Drones are fun, these highly capable flying cameras are a wonderful tool to capture a new perspective of our world. Fly them with care and we can all enjoy, but a moment of recklessness can turn a parade day ugly, and result in jail time for the pilot.
This is the case with a Seattle man that crashed his drone into the Seattle Pride Parade in 2015, rendering one woman unconscious. All parties involved view the incident as an ‘accident,’ but the piloting was deemed a “substantial risk of death or serious bodily injury to another person.” The pilot will see 30 days in jail and a $500 fine.
Drone safety is something we preach around here. No matter your motivation to fly safe – I don’t blame you if your only care is to prevent damage to your expensive craft – the FAA rules in the U.S., and similar in most countries around the globe, make it easy avoid incident.
In the case of the the Seattle man, owner of an aerial photography company, 30 days of jail was a light sentence as far as the prosecution is concerned. He could have seen 90 days or more.
So, what was the incident?
In its most basic form, the drone collided with a building. The pilot crashed just like many of us have into trees or other. Unfortunately, this was several floors up and the drone dropped down onto the crowd, injuring two, but striking a woman in the head, rendering her unconscious. The woman received immediate medical attention and has recovered – a separate hearing is scheduled to determine restitution for her medical care.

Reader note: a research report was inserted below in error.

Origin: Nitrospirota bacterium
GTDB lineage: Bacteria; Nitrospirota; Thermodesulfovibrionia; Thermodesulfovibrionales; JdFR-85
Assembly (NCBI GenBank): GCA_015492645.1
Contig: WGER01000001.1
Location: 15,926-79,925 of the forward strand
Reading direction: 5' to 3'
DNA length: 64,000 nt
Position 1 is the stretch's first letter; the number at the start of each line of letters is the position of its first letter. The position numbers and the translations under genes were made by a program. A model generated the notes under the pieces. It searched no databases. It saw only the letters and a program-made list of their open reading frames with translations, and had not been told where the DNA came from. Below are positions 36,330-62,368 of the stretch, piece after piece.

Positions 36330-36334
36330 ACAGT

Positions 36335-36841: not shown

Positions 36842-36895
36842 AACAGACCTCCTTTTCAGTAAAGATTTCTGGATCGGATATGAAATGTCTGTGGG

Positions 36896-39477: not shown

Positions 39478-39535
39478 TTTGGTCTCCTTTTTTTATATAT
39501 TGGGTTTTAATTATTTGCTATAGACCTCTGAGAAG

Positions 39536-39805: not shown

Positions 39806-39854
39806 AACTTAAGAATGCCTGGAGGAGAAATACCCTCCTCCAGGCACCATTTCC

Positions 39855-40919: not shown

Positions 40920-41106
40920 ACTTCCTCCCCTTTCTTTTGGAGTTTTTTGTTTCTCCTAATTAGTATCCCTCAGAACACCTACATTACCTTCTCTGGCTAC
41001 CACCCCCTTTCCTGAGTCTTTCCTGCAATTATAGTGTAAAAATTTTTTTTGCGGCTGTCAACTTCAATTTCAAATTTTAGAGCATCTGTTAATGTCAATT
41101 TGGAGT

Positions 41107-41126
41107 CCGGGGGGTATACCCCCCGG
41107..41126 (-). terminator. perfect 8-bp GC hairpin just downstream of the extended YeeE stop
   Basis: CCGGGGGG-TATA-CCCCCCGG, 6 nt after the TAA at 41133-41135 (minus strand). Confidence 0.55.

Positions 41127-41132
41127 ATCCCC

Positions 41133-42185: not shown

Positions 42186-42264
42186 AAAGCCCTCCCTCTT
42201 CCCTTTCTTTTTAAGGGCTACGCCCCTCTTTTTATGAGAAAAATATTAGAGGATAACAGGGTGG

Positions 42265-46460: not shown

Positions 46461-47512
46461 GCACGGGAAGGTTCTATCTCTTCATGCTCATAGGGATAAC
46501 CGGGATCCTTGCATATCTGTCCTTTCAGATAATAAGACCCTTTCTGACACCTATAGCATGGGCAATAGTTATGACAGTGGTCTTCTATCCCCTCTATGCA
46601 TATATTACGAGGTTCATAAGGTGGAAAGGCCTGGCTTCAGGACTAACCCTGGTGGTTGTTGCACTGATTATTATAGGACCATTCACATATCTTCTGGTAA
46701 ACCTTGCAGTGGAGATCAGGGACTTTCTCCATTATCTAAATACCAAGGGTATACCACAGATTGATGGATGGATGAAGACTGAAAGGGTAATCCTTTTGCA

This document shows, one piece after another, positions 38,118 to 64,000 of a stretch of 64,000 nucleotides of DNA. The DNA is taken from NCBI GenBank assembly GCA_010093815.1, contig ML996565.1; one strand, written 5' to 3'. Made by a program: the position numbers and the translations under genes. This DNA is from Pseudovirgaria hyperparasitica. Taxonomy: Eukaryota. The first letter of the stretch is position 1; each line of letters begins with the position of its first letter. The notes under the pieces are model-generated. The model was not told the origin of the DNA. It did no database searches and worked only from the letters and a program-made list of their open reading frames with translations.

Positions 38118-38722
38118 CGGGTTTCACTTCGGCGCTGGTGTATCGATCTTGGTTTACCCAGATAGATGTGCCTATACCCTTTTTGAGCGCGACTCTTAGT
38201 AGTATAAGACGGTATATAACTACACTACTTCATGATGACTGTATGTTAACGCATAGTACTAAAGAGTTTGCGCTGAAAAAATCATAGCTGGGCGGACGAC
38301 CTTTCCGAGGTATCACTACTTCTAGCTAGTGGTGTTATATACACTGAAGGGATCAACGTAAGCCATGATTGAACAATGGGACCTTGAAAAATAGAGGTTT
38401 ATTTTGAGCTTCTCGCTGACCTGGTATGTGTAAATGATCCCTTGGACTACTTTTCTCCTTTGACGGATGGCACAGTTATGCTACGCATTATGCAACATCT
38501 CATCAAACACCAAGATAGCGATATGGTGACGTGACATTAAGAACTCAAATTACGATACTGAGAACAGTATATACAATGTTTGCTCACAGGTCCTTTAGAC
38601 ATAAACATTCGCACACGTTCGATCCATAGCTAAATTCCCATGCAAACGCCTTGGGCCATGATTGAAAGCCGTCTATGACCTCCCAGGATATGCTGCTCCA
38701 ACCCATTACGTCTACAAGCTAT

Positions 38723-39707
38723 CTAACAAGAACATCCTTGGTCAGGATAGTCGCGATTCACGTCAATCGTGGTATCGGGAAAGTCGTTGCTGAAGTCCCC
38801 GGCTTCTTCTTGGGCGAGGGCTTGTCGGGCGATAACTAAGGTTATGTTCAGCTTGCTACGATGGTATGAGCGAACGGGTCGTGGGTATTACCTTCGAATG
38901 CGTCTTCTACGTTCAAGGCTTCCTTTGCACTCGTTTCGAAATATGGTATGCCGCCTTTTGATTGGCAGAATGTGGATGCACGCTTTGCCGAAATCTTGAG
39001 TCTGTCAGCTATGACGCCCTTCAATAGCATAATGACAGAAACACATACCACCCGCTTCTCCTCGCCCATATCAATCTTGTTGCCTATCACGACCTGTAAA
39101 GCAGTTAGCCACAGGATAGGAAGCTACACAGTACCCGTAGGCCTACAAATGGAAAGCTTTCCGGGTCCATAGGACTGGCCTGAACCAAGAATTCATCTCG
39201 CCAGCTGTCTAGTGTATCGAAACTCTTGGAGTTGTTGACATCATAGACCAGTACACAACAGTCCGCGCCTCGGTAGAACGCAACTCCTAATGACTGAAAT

This is the reason for and in violation of one of the more significant FAA rules, do not operate over top of people. This law was not in place at the time of the incident, but further bolsters the need for it today. (Thank you for the clarity Keegan Martin!)
Please take note, the undisclosed craft was an 18-inch square and weighed “about 2 pounds.” You know the basic physics of it all, but let this be a reminder that even a small weight from height can cause significant harm.
We will be keeping tabs on upcoming drone laws here in the U.S. as debates continue on who should create future laws and enforce them. We fear a convoluted patchwork of local laws, but recognize that as long as the safety of the public is at risk, stricter repercussions for violating the current FAA law set might not be a bad thing.
What do you think, should there be stricter rules and greater consequences for drone pilots that cause injury to others?
Things to know before you fly
- You must register your drone with the FAA before you fly
- You must affix your drone registration number to your craft
- Coming soon: The FAA will require you to pass a test before you fly your drone
- You must acquire your Part 107 certificate if you are to receive any compensation for your flight
- You must follow all of the FAA’s airspace rules if you are flying outdoors
- Hobby flights have different requirements from commercial flights
- In the eye’s of the FAA, drones are aircraft. Period.
- You need to acquire authorization to fly in controlled airspace